Citrus var. sinensis (Linnaeus, 1753)
Christine Ashe &
Don Herbison-Evans,

Orange is the common name for Citrus aurantium, and is often assumed to have the synonyms Citrus sinensis, Citrus paradisi, Citrus x tangelo. and Citrus x tangor. Technically the fruit of an orange is not really a fruit at all but a kind of berry. It is made up of several easily separated sections which contain several seeds and juice cells all covered by a leathery skin with numerous oil glands.

Citrus plants arrived in Australia along with the early convicts and still thrive in all States and the Northern Territory.

Inspect any old garden and you will usually find an “orchard” area and that area will generally feature citrus trees. Oranges and lemons are the most popular followed by the mandarin and then grapefruit. All of these are regarded as hybrids between the mandarin ( Citrus reticulata ), and the shaddock ( Citrus maxima ) and they all belong to the Rutaceae family. They are highly ornamental small trees and would be worth growing even without the benefit of fruit, for their dark glossy foliage and fragrant white star-shaped flowers. The orange blossom is traditionally associated with good fortune, and was once very popular in bridal bouquets. The petals of the blossom are used to make Orange blossom water which is a common ingredient of Middle Eastern cuisine.

The home gardener is probably most interested in The Sweet Orange Group, Citrus sinensis, which includes the common eating oranges, Valencia and Washington Navel.

The Valencia orange produces a thin skinned, relatively seedless fruit that matures over a long period - right into summer. If you want fruit for summer juicing then this is the tree for you.

The Washington Navel is a large, thick-skinned winter ripening fruit with a rich orange colour, fantastic taste, no seeds and it is easy to peel. It fits quite nicely into a back garden as it is a small tree, rarely more than 2 metres, with a drooping habit.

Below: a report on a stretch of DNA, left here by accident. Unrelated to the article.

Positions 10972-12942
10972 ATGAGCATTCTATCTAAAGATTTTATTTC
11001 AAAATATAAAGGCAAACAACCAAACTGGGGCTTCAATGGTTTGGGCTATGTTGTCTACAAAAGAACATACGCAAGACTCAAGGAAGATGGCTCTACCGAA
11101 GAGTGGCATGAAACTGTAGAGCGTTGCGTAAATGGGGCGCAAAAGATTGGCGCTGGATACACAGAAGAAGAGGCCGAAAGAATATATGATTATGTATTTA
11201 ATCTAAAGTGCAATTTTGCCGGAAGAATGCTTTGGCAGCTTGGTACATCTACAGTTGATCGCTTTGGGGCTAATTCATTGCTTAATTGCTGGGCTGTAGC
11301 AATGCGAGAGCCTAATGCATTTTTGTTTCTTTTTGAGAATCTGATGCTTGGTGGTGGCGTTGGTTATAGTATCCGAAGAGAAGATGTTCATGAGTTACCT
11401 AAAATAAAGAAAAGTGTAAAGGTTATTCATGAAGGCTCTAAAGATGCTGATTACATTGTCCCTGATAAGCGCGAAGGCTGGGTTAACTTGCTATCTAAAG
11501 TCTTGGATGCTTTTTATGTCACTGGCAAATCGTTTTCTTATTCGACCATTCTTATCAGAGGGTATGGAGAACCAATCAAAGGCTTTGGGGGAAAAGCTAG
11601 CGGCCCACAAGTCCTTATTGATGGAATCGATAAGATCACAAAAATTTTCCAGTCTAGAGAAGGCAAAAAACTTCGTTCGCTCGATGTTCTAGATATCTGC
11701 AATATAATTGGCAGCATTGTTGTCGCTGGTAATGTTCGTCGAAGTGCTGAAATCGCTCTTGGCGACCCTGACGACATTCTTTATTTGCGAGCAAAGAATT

Both these trees grow well in Australia. To have oranges ripening in different seasons you need to grow a few different varieties but most home gardens have room for just one orange tree, and the Washington Navel is the most popular. However, all citrus are lovely shapely trees, rarely exceeding 4-5metres in height. All have glossy oval leaves which remain on the shrub all year round. All have the same wonderfully scented flowers.

Sweet orange oil is obtained from orange trees as a by-product of the juice industry. It has many uses; such as a flavouring in food and drink, an additive in perfume making; in the growing aromatherapy industry, as a conditioner for wooden furniture and as a solvent in various household cleansers. It has antiseptic and anti-flammatory properties when applied to the skin as well.

Orange trees are also home to a number of Australian butterfly and moth caterpillars which have adapted to the introduced RUTACEAE species. Some have become pests, feeding on the foliage, including :

Papilio anactus
(Dainty Swallowtail)

Papilio aegeus
(Citrus Swallowtail)

Papilio fuscus
(Canopus Swallowtail)

Cephonodes kingii
(Gardenia Bee Hawk)

Ectropis bispinaria

Ectropis excursaria

Phyllocnistis citrella
(Citrus Leafminer)

Helicoverpa armigera
(Corn Ear Worm)

Conogethes punctiferalis
(Yellow Peach Moth)

Psorosticha zizyphi

Prays nephelomima

Epiphyas postvittana
Light Brown Apple Moth,

Link to
Caterpillar FAQs
Australian Butterflies
Australian Moths
Link to
Flowers in Australia

(updated 10 February 2008)